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[Editorial] Stronger deterrent

Seoul needs to be open to proposed sharing of US nonstrategic nuclear arms

North Korea has recently sent conflicting messages to South Korea and the US via its renewed provocative acts.

The North claimed Thursday that it had tested a new rocket system in launches conducted the previous day, which came less than a week after it fired two short-range ballistic missiles from its east coast into the East Sea in its first provocation since May.

After last week’s missile firings, North Korea’s state media said that the launches, supervised by the recalcitrant regime’s leader Kim Jong-un, were intended to send a “solemn” warning to the South over its plan to conduct joint military drills with the US this month and its purchase of advanced fighter jets from the ally.

The relatively short ranges and low altitudes of the North’s recent test-firings clearly show that they were aimed at enhancing its capability for striking targets in the South.

A pro-Pyongyang newspaper published in Japan said Wednesday that North Korea appears to have decided to limit the operational waters of a newly built submarine to the East Sea in consideration of a possible resumption of nuclear talks with the US.

Last week, the North’s state news agency released an undated photo of Kim inspecting the new submarine, which it said would “carry out its duty in the operational waters of the East Sea.”

The Japan-based Choson Sinbo said the mention of the submarine’s deployment location is noteworthy, adding that it was a “message” sent by Pyongyang to Washington with the resumption of their negotiations in mind.

“Whatever weapons are loaded on the new submarine, the US will for now be able to heave a sigh of relief,” as its operational waters are limited to the East Sea, the newspaper said.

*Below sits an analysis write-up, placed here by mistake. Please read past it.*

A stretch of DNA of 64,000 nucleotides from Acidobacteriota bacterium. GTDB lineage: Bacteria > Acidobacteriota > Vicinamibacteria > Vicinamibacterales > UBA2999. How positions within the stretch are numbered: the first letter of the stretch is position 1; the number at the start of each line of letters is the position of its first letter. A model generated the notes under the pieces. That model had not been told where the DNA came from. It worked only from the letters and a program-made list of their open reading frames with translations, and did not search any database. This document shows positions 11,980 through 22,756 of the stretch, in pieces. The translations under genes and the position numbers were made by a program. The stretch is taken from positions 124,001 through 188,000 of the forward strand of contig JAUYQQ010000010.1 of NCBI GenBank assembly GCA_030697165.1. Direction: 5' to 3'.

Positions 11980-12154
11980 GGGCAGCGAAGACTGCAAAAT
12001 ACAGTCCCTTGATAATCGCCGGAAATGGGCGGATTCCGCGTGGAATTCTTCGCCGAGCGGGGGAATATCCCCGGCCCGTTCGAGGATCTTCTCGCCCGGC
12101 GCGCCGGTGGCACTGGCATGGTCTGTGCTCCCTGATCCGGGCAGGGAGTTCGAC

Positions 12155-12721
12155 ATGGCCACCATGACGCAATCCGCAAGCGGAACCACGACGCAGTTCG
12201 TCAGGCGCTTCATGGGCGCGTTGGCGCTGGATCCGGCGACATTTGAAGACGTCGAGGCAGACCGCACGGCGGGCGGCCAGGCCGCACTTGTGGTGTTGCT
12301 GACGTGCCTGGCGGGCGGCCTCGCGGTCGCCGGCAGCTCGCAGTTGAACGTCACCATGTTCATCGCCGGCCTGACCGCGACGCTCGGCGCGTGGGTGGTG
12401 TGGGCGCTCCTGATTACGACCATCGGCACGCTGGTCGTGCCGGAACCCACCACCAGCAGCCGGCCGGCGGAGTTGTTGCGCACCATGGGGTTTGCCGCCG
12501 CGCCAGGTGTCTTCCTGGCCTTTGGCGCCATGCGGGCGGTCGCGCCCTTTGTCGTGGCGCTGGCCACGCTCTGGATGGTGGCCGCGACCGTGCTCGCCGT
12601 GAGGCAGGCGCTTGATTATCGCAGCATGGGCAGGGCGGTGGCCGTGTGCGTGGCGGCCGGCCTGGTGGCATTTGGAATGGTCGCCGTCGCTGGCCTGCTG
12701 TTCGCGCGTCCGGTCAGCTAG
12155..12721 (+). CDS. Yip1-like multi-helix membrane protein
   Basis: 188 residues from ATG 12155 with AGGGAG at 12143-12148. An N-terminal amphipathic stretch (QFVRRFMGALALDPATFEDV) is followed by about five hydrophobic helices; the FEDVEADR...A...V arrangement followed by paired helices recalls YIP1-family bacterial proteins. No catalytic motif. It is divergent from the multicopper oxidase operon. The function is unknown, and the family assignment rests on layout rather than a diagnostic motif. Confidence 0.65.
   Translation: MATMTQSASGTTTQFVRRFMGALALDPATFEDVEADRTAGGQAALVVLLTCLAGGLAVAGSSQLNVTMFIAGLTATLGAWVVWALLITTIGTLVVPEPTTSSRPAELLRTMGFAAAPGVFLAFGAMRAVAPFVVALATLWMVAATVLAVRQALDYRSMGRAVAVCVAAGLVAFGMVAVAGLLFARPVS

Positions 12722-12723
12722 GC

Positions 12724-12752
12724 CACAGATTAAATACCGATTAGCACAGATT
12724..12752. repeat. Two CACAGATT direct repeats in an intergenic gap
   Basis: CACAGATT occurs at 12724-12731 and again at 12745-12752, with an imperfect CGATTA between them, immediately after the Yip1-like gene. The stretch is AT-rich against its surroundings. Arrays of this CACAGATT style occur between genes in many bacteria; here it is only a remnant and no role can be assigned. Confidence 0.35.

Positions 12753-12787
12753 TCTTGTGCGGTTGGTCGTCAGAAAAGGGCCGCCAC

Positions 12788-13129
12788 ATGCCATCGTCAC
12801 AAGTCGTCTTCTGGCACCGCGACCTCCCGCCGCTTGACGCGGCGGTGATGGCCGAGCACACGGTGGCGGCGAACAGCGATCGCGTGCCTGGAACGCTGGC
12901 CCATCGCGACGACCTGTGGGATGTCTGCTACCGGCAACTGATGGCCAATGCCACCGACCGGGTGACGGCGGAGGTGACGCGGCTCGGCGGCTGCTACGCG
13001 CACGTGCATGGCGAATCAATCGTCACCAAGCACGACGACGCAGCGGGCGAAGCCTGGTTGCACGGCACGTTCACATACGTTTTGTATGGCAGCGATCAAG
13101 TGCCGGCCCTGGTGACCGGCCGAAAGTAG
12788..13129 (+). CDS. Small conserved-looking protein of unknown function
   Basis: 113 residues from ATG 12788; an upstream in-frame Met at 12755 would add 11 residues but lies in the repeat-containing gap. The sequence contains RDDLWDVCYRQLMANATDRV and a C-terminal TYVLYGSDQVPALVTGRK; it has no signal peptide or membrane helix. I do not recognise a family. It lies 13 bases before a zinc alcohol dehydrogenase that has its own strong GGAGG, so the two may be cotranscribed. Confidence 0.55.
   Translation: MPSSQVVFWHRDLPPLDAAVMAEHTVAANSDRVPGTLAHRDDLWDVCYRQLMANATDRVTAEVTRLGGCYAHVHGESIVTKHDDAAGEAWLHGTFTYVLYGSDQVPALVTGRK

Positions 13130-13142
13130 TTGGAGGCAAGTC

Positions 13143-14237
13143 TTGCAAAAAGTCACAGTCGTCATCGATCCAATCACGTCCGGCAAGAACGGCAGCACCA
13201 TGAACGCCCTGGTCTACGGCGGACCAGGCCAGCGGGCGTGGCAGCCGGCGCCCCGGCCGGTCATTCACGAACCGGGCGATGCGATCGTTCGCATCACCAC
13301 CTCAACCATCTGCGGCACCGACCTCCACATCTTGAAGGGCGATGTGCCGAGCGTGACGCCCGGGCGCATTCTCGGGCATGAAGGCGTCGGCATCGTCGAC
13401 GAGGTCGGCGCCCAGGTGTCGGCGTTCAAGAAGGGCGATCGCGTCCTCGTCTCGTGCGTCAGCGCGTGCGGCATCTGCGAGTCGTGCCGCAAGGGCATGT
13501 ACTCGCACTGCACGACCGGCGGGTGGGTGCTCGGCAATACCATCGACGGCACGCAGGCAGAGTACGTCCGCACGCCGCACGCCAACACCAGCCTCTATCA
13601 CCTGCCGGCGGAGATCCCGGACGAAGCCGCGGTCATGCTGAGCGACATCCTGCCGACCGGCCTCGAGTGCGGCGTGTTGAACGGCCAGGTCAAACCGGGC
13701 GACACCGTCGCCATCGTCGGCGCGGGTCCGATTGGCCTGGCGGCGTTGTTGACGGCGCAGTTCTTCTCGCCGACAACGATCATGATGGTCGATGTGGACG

North Korea’s new submarine, the deployment of which is close, appears to be capable of carrying three submarine-launched ballistic missiles, Seoul’s Defense Ministry was quoted by a lawmaker as saying in a closed-door briefing to members of the parliamentary intelligence committee.

Seoul and Washington have struck somewhat different notes in their responses to the latest provocations by Pyongyang.

In his toughest rhetoric since assuming office last year, South Korea’s Defense Minister Jeong Kyeong-doo warned Wednesday that North Korea should be regarded as an “enemy” if it threatened and provoked the South.

Meanwhile, a US State Department spokesperson told a South Korean news agency that Washington was aware of reports of the North’s latest missile firings and would continue to monitor the situation. US President Donald Trump last week dismissed missiles fired by Pyongyang as “smaller ones” that many countries test.

North Korea’s recent provocations come as Washington seeks to restart working-level talks with Pyongyang on dismantling its nuclear and ballistic missile programs under an agreement reached between Trump and Kim when they met at the inter-Korean border village of Panmunjom in June.

It now seems to be no exaggerated concern that South Korea would be at the mercy of Kim’s nuclear-armed regime if Trump settled for a deal to significantly ease sanctions on the North in exchange for a partial dismantling of its weapons programs.

In the face of this worrying possibility, Seoul needs to react more positively to a proposal made in a recent article of a US National Defense University periodical that Washington strongly consider the “custodial” sharing of its nonstrategic nuclear capabilities with South Korea and Japan during times of crisis. The nonstrategic nuclear capabilities apparently refer to short-range tactical weapons designed to impact a limited battle zone.

The article, written by several US military personnel, noted that the proposed sharing of the nonstrategic arms would have an added deterrent effect on Pyongyang, but “the greatest advantage would be the increased pressure put on China to constrain North Korea’s aggression.”

Officials in President Moon Jae-in’s administration have said Seoul is not considering the concept that would enable it to share control of US nuclear arms in a way that some members of the North Atlantic Treaty Organization have done.

The Moon government has also opposed the redeployment of US tactical nuclear weapons that have been pulled out of South Korea in 1991.

It says the move would undermine Seoul’s long-held push for a nuclear-free Korean Peninsula and could intensify a nuclear arms race in Northeast Asia.

But if Seoul held a sort of nuclear cards instead of being left empty-handed, it would rather help move forward denuclearization talks with Pyongyang.

More fundamentally, it is necessary to make preparations for a possible failure in stalled efforts to denuclearize the North Korean regime.